So, two hours in, I’m curious to see where the game takes me. I admit: I dreamed about this most of the night, so despite a little criticism here I’m clearly relishing what I’m doing. When you have so much anticipation built up, it’s impossible not to feel a bit of disappointment. Luckily, my issues are fairly minor and I’m excited to play more.
Posted by WildcatJF on December 16, 2012
Study 25 – Kirby’s Adventure/Hoshi no Kirby: Yume no Izumi no Monogatari (NES/Famicom, Nintendo/HAL Labs)
Kirby’s Adventure, or Hoshi no Kirby: Yume no Izumi no Monogatari in Japan, was a pivotal game in the budding Kirby franchise. Its predecessor, the Game Boy Kirby’s Dream Land/Hoshi no Kirby, was a cute platformer that featured a gray ball-shaped blob named Kirby. He could suck up enemies and spit them out as stars as his main form of attack. In Kirby’s Adventure, the blob became pink, and his inhaling capabilities gained an upgrade! He could now gain powers from his foes if he swallowed them over spitting them out, and developer HAL Labs came up with 20 fairly unique abilities for Kirby to balance throughout the game. The quest also was a much larger endeavor, and all of those new skills would come in handy!
Localization changes on Kirby’s Adventure were rather minimal. However, there are a few small changes that make it worth doing an article on this (and help get me back into the swing of doing these features more regularly). Let’s begin, like we usually do, with some box art.
The Famicom box is almost a dead ringer for the title screen, with it displaying several of Kirby’s new powers as a background. Quite representative of what awaited players!
The NES box is quite nice, too, although there’s a menacing aspect to the underlying darkness that is usually absent from Kirby games. Still pretty cute, though.
Onto the screens! The Famicom version will be on the top, NES on the bottom.
For the title screens, the logo is drastically different, and the North American background seems a little less colorful (and more purple).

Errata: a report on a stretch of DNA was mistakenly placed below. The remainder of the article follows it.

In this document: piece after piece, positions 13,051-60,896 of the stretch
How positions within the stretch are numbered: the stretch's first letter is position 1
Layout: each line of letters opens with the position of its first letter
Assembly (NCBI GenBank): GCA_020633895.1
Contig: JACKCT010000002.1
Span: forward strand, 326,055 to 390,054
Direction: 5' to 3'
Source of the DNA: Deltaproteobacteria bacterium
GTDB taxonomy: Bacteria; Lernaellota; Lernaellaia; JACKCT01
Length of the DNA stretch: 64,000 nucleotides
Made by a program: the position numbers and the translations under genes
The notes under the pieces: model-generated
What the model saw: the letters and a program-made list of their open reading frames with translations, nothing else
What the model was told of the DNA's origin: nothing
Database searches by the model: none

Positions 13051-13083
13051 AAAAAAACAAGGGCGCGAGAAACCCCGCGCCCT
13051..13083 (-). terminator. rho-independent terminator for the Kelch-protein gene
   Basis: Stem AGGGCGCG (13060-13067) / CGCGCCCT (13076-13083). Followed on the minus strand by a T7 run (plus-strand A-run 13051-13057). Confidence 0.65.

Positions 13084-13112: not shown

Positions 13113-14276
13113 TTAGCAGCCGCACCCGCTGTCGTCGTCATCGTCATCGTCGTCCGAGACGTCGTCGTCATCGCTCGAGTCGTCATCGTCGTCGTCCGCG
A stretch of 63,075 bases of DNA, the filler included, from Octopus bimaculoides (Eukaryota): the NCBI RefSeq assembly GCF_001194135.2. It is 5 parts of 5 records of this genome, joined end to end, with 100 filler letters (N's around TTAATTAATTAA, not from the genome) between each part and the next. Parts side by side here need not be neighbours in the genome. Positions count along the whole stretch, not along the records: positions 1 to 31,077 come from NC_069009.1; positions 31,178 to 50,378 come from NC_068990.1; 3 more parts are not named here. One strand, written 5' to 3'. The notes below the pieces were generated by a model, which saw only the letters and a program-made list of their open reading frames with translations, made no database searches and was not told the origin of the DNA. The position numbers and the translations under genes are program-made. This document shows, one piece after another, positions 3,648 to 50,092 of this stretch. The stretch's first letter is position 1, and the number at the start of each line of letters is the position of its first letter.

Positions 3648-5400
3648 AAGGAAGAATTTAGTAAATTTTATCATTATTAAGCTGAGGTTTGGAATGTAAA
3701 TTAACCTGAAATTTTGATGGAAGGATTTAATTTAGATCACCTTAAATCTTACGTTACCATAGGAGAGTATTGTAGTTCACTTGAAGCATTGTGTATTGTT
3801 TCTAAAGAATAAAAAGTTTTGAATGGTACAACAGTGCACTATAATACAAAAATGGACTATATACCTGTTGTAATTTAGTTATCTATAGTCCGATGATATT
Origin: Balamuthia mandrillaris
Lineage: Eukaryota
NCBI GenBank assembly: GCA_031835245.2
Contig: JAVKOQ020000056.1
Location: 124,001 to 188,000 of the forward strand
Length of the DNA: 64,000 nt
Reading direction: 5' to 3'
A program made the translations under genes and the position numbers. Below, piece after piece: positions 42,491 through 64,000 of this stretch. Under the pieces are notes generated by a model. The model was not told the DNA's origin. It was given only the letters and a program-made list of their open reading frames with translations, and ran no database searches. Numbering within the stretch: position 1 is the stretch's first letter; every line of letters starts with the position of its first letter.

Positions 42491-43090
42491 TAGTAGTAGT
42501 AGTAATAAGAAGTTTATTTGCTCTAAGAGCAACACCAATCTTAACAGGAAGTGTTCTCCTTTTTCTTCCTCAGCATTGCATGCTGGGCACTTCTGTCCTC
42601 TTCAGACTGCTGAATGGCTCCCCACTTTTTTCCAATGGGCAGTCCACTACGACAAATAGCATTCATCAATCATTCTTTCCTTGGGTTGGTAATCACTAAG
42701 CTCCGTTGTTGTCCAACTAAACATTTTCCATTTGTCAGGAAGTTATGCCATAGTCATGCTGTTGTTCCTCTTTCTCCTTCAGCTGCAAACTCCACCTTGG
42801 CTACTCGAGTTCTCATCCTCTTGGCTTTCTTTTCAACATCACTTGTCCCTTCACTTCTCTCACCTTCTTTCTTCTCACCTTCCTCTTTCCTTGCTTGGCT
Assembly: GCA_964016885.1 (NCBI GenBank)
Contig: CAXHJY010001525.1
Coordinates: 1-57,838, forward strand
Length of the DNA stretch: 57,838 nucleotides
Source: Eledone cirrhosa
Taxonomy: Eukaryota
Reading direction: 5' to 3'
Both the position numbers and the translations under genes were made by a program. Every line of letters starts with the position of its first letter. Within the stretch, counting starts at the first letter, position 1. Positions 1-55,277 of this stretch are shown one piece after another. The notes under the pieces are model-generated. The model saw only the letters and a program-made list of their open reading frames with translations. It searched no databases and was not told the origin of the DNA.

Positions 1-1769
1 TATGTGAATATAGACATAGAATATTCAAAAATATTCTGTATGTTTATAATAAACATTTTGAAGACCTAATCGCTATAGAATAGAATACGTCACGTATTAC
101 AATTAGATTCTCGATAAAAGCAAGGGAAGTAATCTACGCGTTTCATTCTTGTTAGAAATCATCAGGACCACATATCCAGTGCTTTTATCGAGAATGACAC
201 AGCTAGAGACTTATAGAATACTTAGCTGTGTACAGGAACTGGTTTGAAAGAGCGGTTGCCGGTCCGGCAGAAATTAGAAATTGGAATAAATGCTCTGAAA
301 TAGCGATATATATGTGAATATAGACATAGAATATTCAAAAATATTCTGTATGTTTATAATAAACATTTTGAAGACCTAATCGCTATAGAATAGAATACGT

The second major change is in the name of one of Kirby’s powers. We know his dashing burst of flame as “Fireball”, but in Japan it was titled “Burning”.
The remaining alterations are pretty minor.
When Kirby beats a stage in Hoshi no Kirby, an exclamation in Japanese (as I don’t readily know Japanese, I’m not sure what exactly it means) is under the victory tape. In America, it reads GOAL.
Ice Cream Island was IceCream Island in Japan.
The Fountain of Dreams is also slightly different in Japan, lacking the “s” in Dreams. Sensible given the lack of plurals in Japan. You can also see here that the logo is different for the two cutscenes.
Nothing too drastic here, but I feel that looking even at the minute can lead to interesting things. For example, why was Kirby’s fireball move called “Burning” in Japan? It’s appropriate I suppose, given that he is literally “burning” when he uses it. It easily flows from the tongue when you refer to the power as “Burning Kirby”. However, I suppose Nintendo of America didn’t want to associate that power with that particular word; maybe they felt it would be a drug reference or something. :p Next time, I’ll pick something a little more elaborate. And egads, I need to stop taking three month hiatuses! XD
The Cutting Room Floor page for Kirby’s Adventure – http://tcrf.net/Kirby%27s_Adventure
Vizzed page for Hoshi no Kirby: Yume no Izumi no Monogatari (note: emulation page!) – http://www.vizzed.com/playonlinegames/game.php?id=13228
GameFAQs page for Kirby’s Adventure – http://www.gamefaqs.com/nes/563432-kirbys-adventure/images
SauseandPepper blog entry for Hoshi no Kirby – http://sauseandpepper.blog63.fc2.com/blog-entry-204.html
Box vs Box entry for Kirby’s Adventure – http://boxvsbox.tumblr.com/post/23545592566/kirbysadventure
Posted by WildcatJF on December 15, 2012
It’s been a while, but TheSpeedGamers are back, and about to kick off their 72-hour Mario Marathon later today (December 14) at 7 pm EST/4 pm PST. As you can imagine, they’ll be playing tons of Mario games from past and present, including the recently released New Super Mario Bros U.
They will also be raising money for the Make-A-Wish Foundation, with an initial goal of $10,000.
You can view the marathon live at their official site, thespeedgamers.com. There will also be contests, prizes, and other fun events, so please check it out and spread the word!
Posted by Nester on December 14, 2012
This Saturday, October 20, Pat the NES Punk will be holding yet another marathon in which he and Ian spend night and day playing nothing but NES games. Unlike the previous years, however, the NES games they play this time are determined by donations. As such, they’re attempting to raise as much money as possible before the marathon even starts, with an ultimate goal of $25,000. As usual, all donations go to the Child’s Play charity.
Get the full details in the video below, and by visiting the official site: nesmarathon.com.
Posted by Nester on October 17, 2012